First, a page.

We were outbound for about 10 minutes. Thankfully I'd slowed to 90 knots and wasn't going the full 120 -- I feel silly even saying that; thankfully I was in a Skyhawk and not a Cirrus or an Eclipse jet or something. Anyway, eventually we turned back inbound, and I had to ask a question about altitude limits, despite the fact that the answer was right there on the approach plate. OK, stupid, but I got the next stepdown right, tracked the VOR inbound, passed over it, reported and tracked it back out...but forgot to start the time!! Again!! I was so upset. But no matter, the GPS was still working, I had my DME distances, so I got to the MAP and made the left turnout as planned. I told tower "missed approach" and they told me to contact approach control. So I did, and as I did so, I realized that I had to tell them what I wanted. What I really wanted was a holding pattern somewhere, but I decided just to go for the gusto and request the Livermore ILS 25R right then.

So again I had very little time to set up for the approach, but I did it, just went through the lists and got it done. I had the localizer tuned, identified and twisted long before it needed to be; I'd delayed getting the ATIS because of poor reception but even managed to get that done before I really needed it.

This approach was the best I've ever flown. There were gusty winds, so I had to do a lot of pitch/power compensation along the ILS to keep the glide slope centered. It was not hard. At the FAF, the marker beacon sounded, and John said, "What's that noise?" which usually means I've forgotten something, but I'd already started the time and checked my glide slope altitude, and we were flying VFR so I didn't have to report. I thought maybe John had again forgotten that we were not IFR, so I said, "If we were IFR, I'd have to report." He said, "Why?" I responded, "Final approach fix inbound in a non-radar environment." I think my ability to sound like a textbook while successfully flying an ILS shocked both of us.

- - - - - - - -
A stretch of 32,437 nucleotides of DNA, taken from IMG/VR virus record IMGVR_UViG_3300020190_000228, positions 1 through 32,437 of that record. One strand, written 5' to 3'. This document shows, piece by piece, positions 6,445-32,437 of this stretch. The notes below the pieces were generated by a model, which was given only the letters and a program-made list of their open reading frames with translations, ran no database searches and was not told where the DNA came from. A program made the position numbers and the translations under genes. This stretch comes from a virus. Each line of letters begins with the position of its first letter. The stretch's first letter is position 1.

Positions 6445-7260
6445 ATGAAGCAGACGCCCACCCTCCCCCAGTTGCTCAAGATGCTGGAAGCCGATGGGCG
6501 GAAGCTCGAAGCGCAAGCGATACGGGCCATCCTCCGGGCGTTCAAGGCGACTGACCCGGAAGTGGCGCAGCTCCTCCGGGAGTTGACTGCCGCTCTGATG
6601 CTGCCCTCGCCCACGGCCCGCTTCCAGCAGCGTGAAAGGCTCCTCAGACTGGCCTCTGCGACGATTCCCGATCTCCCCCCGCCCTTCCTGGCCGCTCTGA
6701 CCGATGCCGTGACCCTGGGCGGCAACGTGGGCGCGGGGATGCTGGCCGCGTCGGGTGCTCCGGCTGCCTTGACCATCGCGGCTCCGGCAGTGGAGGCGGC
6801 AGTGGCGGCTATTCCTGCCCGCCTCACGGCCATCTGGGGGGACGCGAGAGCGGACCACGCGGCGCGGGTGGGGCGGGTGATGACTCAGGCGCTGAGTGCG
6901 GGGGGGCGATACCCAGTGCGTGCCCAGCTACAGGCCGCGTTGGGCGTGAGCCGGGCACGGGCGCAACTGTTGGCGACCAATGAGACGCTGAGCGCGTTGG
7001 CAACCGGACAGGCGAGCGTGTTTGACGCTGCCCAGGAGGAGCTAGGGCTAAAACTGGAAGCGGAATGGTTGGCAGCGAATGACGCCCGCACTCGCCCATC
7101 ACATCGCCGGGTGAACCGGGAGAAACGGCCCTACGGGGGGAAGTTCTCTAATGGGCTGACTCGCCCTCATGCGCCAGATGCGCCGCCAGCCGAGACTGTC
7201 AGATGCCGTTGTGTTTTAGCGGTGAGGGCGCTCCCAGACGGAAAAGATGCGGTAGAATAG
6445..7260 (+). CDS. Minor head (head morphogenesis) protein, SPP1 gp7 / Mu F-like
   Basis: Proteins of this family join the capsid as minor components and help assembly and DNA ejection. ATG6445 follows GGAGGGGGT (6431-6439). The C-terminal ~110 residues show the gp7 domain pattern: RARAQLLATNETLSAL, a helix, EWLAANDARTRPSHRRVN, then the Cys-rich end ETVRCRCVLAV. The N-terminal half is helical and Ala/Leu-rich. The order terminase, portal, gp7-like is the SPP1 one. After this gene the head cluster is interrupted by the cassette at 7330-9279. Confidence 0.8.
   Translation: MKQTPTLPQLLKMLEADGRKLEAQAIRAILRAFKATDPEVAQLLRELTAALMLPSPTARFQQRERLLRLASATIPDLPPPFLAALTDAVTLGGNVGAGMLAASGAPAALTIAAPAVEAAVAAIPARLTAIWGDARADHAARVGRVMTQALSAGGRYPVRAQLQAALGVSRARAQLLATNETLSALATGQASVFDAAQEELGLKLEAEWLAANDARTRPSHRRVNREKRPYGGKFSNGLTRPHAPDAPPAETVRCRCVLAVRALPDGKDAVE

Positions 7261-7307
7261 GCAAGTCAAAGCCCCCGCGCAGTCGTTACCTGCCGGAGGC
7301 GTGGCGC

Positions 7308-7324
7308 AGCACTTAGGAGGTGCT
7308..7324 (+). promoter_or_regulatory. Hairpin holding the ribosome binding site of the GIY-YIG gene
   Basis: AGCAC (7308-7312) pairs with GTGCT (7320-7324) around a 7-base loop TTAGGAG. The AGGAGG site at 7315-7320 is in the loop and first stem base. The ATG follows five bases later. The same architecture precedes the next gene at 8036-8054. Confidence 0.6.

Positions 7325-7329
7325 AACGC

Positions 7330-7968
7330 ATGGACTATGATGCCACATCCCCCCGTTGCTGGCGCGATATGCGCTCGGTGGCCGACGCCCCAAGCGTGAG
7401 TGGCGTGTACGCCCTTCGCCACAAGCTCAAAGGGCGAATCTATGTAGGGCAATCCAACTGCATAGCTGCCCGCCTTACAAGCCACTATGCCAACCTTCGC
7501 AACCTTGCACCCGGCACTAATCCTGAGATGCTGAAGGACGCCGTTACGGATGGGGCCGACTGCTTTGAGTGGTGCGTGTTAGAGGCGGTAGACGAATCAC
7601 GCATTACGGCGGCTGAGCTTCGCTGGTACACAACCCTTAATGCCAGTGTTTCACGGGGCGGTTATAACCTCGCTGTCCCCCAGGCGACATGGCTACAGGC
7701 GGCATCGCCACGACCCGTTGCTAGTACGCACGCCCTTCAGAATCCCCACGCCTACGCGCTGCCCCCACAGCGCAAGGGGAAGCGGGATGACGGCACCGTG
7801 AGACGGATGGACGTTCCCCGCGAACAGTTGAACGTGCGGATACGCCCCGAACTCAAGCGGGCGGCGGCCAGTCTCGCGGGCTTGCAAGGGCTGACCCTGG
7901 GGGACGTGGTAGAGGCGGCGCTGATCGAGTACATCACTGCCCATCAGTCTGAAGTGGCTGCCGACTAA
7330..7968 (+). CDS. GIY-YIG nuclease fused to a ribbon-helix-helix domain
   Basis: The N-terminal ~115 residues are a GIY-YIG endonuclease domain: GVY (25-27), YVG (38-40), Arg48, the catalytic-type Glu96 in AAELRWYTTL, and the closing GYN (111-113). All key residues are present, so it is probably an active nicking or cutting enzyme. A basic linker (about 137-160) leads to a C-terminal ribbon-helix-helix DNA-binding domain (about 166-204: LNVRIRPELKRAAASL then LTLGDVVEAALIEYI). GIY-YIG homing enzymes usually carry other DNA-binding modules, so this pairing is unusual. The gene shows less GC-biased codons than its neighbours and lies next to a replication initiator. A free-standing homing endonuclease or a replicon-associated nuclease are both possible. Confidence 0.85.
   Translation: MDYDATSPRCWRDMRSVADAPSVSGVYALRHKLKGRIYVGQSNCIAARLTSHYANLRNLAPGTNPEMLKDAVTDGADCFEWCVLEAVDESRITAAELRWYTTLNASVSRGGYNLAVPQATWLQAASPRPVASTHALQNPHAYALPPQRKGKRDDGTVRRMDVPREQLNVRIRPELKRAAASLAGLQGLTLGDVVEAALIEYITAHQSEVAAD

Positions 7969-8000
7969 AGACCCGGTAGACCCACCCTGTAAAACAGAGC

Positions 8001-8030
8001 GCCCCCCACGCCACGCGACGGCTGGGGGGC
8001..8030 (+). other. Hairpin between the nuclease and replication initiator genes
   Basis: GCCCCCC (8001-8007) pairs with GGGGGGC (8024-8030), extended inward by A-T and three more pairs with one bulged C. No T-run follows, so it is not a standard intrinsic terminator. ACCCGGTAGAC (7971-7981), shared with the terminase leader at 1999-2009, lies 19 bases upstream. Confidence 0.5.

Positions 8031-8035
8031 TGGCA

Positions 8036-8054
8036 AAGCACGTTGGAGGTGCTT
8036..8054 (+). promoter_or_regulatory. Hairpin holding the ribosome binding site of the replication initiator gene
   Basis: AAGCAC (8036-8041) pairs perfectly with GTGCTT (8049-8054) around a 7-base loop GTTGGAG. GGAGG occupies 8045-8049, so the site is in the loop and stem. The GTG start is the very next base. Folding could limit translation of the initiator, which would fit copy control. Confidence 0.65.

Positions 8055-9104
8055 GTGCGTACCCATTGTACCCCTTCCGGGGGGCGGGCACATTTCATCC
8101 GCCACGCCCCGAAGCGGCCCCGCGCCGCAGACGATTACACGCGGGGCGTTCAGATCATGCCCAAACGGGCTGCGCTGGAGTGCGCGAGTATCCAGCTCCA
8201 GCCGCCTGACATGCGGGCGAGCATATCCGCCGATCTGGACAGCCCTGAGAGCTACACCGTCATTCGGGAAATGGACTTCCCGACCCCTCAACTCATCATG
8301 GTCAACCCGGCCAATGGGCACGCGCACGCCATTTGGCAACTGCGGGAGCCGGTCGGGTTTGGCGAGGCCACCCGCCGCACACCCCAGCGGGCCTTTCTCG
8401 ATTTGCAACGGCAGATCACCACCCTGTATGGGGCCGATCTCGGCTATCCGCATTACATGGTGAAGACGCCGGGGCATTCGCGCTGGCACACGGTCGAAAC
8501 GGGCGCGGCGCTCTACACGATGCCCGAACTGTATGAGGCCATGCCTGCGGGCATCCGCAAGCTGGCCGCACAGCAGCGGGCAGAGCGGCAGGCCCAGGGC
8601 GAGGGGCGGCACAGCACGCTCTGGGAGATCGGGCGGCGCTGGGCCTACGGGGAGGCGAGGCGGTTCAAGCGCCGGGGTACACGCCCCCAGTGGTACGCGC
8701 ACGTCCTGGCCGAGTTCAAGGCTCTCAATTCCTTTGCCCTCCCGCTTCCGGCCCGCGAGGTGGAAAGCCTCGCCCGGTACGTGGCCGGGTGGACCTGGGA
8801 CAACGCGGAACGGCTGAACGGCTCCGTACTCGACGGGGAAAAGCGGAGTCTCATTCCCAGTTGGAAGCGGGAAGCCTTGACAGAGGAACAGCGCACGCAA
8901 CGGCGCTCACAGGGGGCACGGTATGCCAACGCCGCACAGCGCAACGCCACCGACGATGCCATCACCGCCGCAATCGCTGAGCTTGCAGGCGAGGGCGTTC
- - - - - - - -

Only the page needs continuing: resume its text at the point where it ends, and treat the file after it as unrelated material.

Several great things from today: 1. I got to that falling apart point, recovered and had one pretty good and one fantastic approach. 2. Setting up for approaches is getting much easier. Lists, lists, lists. 3. I was able to focus on a day when I didn't feel great. Now I absolutely know I can do it when I feel any less crappy! An exciting day, and I'm psyched for the next flight (Saturday, solo!).

Friday, April 04, 2008

The importance of self-confidence

It's been a roller coaster of a couple of weeks, and a real lesson in how important it is to have confidence in one's skills. Frequently, flight (and especially instrument flight) is a microcosm of life, and the lessons learned in one apply equally to the other, and this is no exception.

Last week I had a couple of cancellations, the first because John had an emergency and had to cancel, the second because I was so tired that I was having dizzy spells after climbing a flight of stairs. Nothing a couple of good nights of sleep didn't solve, but definitely good I didn't attempt to go flying that day -- hooded flight is disorienting enough without random dizziness!